The Charities Regulator has once again urged the public to take steps to ensure that unwanted clothing and other items they intend to donate to charity through house-to-house collections, actually go to registered charities.
“Our compliance team have received an increasing flow of concerns from the public about individuals and organisations who are carrying out house-to-house collections, but are not registered charities,” Charities Regulator Chief Executive Helen Martin said.
From January 2019 to the end of October 2019, the Charities Regulator 133 reports from the public, expressing concern about people and/or organisations operating house-to-house collections for unwanted clothing and other goods, and querying whether or not they were registered charities.
“We are concerned in the increasing number of reports we are receiving and also the increasing trend in this regard,” Ms Martin said. The Charities Regulator today published a public update on the issue.
“We believe that organisations engaged in unlawful clothing collections will continue to operate in this manner only for as long as people continue to make donations to them. One way we are hoping to address the issue is by increasing public awareness around the issue and encouraging members of the public who wish to donate unwanted items to charity, to check the public Register of Charities.
Leaflets and bags received for clothing collections from registered charities should clearly display the following information:
- The charity’s name;
- The charity’s logo;
- The charity’s Registered Charity Number;
- Contact details for the charity.
One of the functions of the Charities Regulator is to maintain a register of charitable organisations. All charitable organisations that intend to operate or carry on activities in the State are required to apply to the Charities Regulator for inclusion in the register. Potential donors can assure themselves that any organisation seeking a donation is a registered charity by checking the publicly available Register of Charities at the following link:
To ensure that a collection is on behalf of the organisation that it purports to be for, members of the public should check with the charity directly to confirm the collection is genuine.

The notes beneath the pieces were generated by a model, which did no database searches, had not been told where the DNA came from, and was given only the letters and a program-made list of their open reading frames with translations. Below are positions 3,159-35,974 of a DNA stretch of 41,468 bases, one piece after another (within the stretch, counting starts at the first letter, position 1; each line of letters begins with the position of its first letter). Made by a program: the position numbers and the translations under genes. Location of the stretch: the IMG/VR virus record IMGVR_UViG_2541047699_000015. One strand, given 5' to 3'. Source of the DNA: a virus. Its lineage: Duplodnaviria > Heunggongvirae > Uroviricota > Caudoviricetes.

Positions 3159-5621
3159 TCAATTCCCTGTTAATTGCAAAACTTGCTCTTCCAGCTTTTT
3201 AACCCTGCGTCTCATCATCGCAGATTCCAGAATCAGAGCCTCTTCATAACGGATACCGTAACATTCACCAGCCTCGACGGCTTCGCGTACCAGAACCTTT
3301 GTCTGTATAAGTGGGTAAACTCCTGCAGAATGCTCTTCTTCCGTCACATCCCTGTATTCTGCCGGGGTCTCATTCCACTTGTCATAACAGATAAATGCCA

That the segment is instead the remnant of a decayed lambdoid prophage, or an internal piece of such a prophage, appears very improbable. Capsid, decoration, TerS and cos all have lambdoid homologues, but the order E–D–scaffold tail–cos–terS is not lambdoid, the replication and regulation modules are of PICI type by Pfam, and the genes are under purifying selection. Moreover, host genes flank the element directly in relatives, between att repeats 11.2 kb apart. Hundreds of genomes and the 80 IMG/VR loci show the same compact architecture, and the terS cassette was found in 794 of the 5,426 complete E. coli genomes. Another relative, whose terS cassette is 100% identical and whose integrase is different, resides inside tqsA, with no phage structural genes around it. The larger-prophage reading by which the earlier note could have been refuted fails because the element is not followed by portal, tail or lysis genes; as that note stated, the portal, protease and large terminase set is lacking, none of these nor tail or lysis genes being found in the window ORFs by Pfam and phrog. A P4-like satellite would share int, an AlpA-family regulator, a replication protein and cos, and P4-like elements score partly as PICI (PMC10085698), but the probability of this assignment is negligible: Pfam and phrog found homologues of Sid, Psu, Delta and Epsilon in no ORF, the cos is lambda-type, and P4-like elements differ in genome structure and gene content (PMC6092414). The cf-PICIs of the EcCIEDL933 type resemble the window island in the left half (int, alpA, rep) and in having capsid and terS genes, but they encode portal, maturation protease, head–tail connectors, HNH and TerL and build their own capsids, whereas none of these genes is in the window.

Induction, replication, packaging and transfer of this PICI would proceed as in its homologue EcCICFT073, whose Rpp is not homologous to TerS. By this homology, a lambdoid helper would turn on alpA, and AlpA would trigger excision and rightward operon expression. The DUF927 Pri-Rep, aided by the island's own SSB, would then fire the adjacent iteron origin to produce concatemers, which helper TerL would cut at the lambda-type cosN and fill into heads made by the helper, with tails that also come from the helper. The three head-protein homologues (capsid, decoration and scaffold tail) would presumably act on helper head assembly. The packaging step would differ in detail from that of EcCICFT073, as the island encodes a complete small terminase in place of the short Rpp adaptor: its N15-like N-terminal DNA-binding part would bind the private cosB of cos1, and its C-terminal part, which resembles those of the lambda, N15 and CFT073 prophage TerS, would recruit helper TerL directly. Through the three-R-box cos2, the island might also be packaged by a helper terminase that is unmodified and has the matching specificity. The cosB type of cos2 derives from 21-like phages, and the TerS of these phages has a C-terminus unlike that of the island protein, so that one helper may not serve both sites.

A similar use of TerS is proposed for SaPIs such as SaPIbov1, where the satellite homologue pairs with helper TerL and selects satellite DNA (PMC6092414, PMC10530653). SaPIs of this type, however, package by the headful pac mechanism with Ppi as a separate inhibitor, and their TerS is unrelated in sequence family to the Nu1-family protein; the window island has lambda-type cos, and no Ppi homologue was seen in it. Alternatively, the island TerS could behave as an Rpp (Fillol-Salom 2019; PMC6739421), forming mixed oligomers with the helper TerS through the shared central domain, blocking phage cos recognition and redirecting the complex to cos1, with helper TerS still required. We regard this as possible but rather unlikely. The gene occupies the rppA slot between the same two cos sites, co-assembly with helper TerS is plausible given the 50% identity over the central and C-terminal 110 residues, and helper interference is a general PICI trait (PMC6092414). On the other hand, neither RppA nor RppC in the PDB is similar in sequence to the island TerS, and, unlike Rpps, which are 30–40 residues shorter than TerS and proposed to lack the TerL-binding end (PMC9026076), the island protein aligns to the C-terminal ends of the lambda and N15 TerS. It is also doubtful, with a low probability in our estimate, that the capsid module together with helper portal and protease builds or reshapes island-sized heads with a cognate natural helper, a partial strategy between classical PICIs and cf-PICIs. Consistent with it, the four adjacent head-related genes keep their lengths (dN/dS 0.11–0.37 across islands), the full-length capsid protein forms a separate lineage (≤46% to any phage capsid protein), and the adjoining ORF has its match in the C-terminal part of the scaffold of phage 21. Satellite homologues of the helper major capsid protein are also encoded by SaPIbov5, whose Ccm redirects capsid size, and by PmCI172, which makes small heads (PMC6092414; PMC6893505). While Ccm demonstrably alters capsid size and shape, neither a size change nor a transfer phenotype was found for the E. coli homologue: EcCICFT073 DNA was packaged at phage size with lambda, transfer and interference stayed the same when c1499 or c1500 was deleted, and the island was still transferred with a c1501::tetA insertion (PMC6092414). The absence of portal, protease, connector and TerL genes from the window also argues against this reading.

When charities are engaged in fundraising by way of clothing collections from the public, including collections by third parties on the charity’s behalf, charities should ensure that they have information readily available to the public about where they are carrying out collections.
Under Section 41 of the Charities Act 2009 (the 2009 Act) it is an offence for any person to advertise on behalf of, to invite members of the public to give money or property to, or to accept such money or property on behalf of a charitable organisation that is not registered, or for an unregistered charitable organisation to carry on such activities.
It is also an offence under Section 46 of the 2009 Act for a body (other than a registered charitable organisation), to describe itself or its activities in a manner that would cause a member of the public to reasonably believe that the body is a charitable organisation.
The Charities Regulator liaises with An Garda Síochána in respect of these matters on an ongoing basis.
If a member of the public suspects that an organisation is not in compliance with charity law they should contact the Charities Regulator via the concerns phone line on 01 633 1550 or by completing the online form.
Alternatively, if a member of the public has an immediate concern that a clothing collection may not be genuine, we would urge them to make contact with An Garda Síochána.
The Charities Regulator’s public update document contains examples of labels in respect of clothing collections by organisations that are NOT registered charitable organisations, which were brought to our attention by members of the public.
For further information please contact:
Heidee Kealy, Charities Regulator: email@example.com